How do you put the sensory detail of smell in writing? Let’s sniff out ideas. Take a deep breath and imagine the smell of: fresh lemons watermelon chocolate coffee fish – cooked, or freshly caught roast turkey right out of the oven popcorn – movie popcorn with melted butter How would you describe these smells to someone who cannot smell or who never smelled these particular scents? What does a crunchy red apple smell like? Does a red apple smell the same as a green apple? Does an apple smell different if it’s crunchy or mushy? If it’s cold, it might have that earthy smell of a river. Or an apple might smell like a hot summer afternoon in an orchard. Can you put apple smell into words? If you can, walk through an orchard or a field where the earth has recently been plowed. Inhale. Describe that earthy smell….


What if? Prompt #178

What if you start from reality and then use “worst case scenario” to do some writing? Here’s how it could work: Recall a time when you desperately wanted something. Could be a good grade on a test, or a good health check-up, or the biopsy comes back negative, or a divorce, or the cute guy/girl to notice you, or a good job, or any job. Just choose a moment when you really wanted something. Now, shift . . . as you write about this desire, this longing. . . the narrator becomes a character in a story. We’re no longer talking about “you.” We’re focusing on A Character Who Wants Something. Next, as you write, throw in some curve balls, some roadblocks. Give that character an obstacle to overcome. . . the worst case scenario. What is the worst thing that could happen? For example, the character fails an important…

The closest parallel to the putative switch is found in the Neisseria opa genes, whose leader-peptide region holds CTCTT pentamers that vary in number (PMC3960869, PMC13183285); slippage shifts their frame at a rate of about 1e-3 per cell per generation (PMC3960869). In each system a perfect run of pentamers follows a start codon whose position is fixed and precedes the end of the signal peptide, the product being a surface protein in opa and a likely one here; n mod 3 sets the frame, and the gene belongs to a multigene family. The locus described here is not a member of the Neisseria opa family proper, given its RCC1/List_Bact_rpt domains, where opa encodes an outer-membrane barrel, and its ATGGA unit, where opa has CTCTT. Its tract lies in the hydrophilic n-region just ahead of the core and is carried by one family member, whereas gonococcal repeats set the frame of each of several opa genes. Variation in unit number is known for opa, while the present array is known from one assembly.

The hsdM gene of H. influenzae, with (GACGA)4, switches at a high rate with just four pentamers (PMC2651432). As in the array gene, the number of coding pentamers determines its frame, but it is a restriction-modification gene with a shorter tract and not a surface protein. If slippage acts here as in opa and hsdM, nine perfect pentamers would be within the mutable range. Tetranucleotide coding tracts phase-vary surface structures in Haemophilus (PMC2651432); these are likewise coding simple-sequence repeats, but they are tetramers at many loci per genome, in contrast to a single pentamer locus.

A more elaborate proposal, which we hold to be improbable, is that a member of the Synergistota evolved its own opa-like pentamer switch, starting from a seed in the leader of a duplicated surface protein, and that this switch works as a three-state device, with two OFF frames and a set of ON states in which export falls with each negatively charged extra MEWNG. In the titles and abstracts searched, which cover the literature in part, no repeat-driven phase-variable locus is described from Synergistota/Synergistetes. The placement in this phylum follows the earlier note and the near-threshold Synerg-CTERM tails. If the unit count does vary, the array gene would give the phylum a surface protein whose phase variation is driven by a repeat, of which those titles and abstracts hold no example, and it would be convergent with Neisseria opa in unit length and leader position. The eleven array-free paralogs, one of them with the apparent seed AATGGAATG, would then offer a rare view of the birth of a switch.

Just Write

Sensory Detail – Sound

I cranked up the music to prepare this post and was reminded of the sixties and seventies when I worked downtown San Francisco Monday through Friday. Saturdays were house cleaning days. I centered my Swan Lake record on the turntable and turned up the volume. By the time I was dusting and cleaning downstairs, I was rocking to West Side Story. To finish, I blasted Hair. Odd combinations, I know. But they worked for me . . . a satisfying way to completely clean the house and do laundry. Sound. . . how do we incorporate sound in our writing? But first, why do we want to use sensory detail in our writing? Sound can evoke strong memories: screeching tires, whining four-year-old, grinding gears when learning to drive a stick shift, songs from our teenage years, wedding songs, hymns, sing-song rhymes. When we employ sound in our writing, we transform…


Random word freewrite, using sensory detail . . . Prompt #176

Use these words in your freewrite: cook, chant, winter, smear, blue. Try to incorporate sensory detail. You know the five senses: see, hear, feel, smell, taste . . . and that elusive sixth sense. The sixth sense is known by various perceptions: common sense, telepathy, intuition, imagination, psychic ability and proprioception (the ability to sense stimuli arising within the body regarding position, motion, and equilibrium). Proprioception is further intriguing with this definition: The unconscious perception of movement and spatial orientation arising from stimuli within the body itself. In humans, these stimuli are detected by nerves within the body itself, as well as by the semicircular canals of the inner ear. Example of proprioception: Right now I know my ankles are crossed under my blankets.  (Thank you, Kathy, for this example). Wikipedia definition of sixth sense: a supposed intuitive faculty giving awareness not explicable in terms of normal perception. “Some sixth…